This crisis does not cause, but follows and accompanies, the crisis of the political apparatus of the Brazilian bourgeoisie. The fall of the Workers’ Party [PT] of Lula and Dilma Roussef in the midst of a soap opera of scandalous corruption trials, the self-indulgence of their successor, Temer, the advances and reverses as regards the legalisation of the hacienda system ... over two centuries, the police strikes ... speak to us of a bourgeoisie incapable of comfortably accommodating itself in the political system, incapable of reinventing its political legitimacy, without precipitating bloody internal wars over state income.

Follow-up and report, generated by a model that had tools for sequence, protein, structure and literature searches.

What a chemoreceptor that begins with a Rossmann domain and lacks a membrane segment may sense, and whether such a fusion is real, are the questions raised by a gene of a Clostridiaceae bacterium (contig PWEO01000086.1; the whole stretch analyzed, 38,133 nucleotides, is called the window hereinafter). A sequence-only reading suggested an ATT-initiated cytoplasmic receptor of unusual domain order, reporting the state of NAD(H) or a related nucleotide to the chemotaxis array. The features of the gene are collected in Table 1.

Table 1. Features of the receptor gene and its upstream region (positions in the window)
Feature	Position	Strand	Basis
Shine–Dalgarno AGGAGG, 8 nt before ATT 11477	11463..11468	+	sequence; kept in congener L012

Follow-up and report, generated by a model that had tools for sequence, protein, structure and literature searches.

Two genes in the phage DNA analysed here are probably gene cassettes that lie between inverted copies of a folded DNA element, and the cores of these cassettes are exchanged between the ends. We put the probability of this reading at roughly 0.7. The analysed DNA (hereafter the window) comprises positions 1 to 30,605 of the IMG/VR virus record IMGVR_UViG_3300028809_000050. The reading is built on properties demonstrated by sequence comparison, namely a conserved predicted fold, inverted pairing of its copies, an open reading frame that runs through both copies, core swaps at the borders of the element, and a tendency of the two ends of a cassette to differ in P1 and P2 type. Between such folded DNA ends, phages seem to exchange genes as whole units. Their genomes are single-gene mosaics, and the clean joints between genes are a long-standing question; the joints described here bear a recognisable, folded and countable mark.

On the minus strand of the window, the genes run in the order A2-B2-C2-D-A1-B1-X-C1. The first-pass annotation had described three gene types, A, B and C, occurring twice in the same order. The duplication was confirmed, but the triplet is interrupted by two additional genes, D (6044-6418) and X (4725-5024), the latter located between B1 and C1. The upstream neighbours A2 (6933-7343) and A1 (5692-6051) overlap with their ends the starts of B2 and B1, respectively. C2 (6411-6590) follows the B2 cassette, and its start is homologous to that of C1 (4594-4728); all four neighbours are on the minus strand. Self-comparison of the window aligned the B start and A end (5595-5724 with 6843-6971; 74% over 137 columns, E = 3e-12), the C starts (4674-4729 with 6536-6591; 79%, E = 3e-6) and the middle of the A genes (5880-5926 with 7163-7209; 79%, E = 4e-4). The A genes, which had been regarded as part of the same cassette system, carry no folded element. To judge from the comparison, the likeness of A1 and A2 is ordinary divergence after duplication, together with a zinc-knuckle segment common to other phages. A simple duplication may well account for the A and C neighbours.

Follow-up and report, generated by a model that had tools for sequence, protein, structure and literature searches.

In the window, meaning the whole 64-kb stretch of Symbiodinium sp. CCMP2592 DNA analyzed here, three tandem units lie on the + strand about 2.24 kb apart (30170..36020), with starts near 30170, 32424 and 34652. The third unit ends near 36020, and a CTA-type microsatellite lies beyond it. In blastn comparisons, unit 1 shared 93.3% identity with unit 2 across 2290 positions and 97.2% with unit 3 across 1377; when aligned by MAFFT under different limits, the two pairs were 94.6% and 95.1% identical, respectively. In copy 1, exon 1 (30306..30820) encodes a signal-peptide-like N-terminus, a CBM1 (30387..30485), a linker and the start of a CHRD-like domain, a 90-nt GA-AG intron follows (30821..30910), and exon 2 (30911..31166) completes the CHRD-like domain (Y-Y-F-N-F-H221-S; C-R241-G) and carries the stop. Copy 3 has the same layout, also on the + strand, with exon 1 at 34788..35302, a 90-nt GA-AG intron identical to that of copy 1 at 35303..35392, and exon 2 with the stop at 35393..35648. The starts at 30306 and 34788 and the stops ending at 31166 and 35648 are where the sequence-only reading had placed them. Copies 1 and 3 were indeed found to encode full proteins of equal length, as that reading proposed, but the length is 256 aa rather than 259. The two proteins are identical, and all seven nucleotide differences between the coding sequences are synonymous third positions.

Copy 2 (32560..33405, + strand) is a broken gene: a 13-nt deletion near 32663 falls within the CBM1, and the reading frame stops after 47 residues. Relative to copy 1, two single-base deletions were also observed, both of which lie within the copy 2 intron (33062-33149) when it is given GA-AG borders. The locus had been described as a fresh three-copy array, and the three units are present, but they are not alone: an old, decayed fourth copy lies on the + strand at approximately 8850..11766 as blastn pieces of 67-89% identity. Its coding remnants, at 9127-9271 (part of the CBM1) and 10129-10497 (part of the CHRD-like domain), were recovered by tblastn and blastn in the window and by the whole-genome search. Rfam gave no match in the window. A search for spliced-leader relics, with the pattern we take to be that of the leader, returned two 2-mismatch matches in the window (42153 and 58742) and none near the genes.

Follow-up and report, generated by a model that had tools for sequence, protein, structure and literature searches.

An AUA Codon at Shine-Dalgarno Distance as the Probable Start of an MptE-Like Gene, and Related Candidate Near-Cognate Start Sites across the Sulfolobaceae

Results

The crisis of the Brazilian bourgeoisie's political apparatus multiplies with the lumpenisation of entire social sectors and the consolidation of the mafias and "commandos", which are inserted into the state through the control of elections in the disintegrating neighborhoods. It goes without saying that this control occurs through terror and violence1 against the workers who live in them, many of whom take refuge in the Evangelical and Pentecostal churches. The new churches have been, for years, the last element of social cohesion in many places and are integrated with honour - as in so many countries- into the state and the bourgeoisie. The daily defeat of many workers in the face of this decomposition and the organised lumpen commandos explains their inability to unite. Brazilian capitalism has few illusions to sell, even football nationalism is difficult to mass produce after the Lulista "redistribution" resulted in an income distribution in which 1% of the population receives 23% of income. For the workers, nothing has remained of the "optimism" and "miracles" of Brazilian capital, but a massive pauperisation, which the growth of unemployment alongside a disastrous social assistance system can only feed.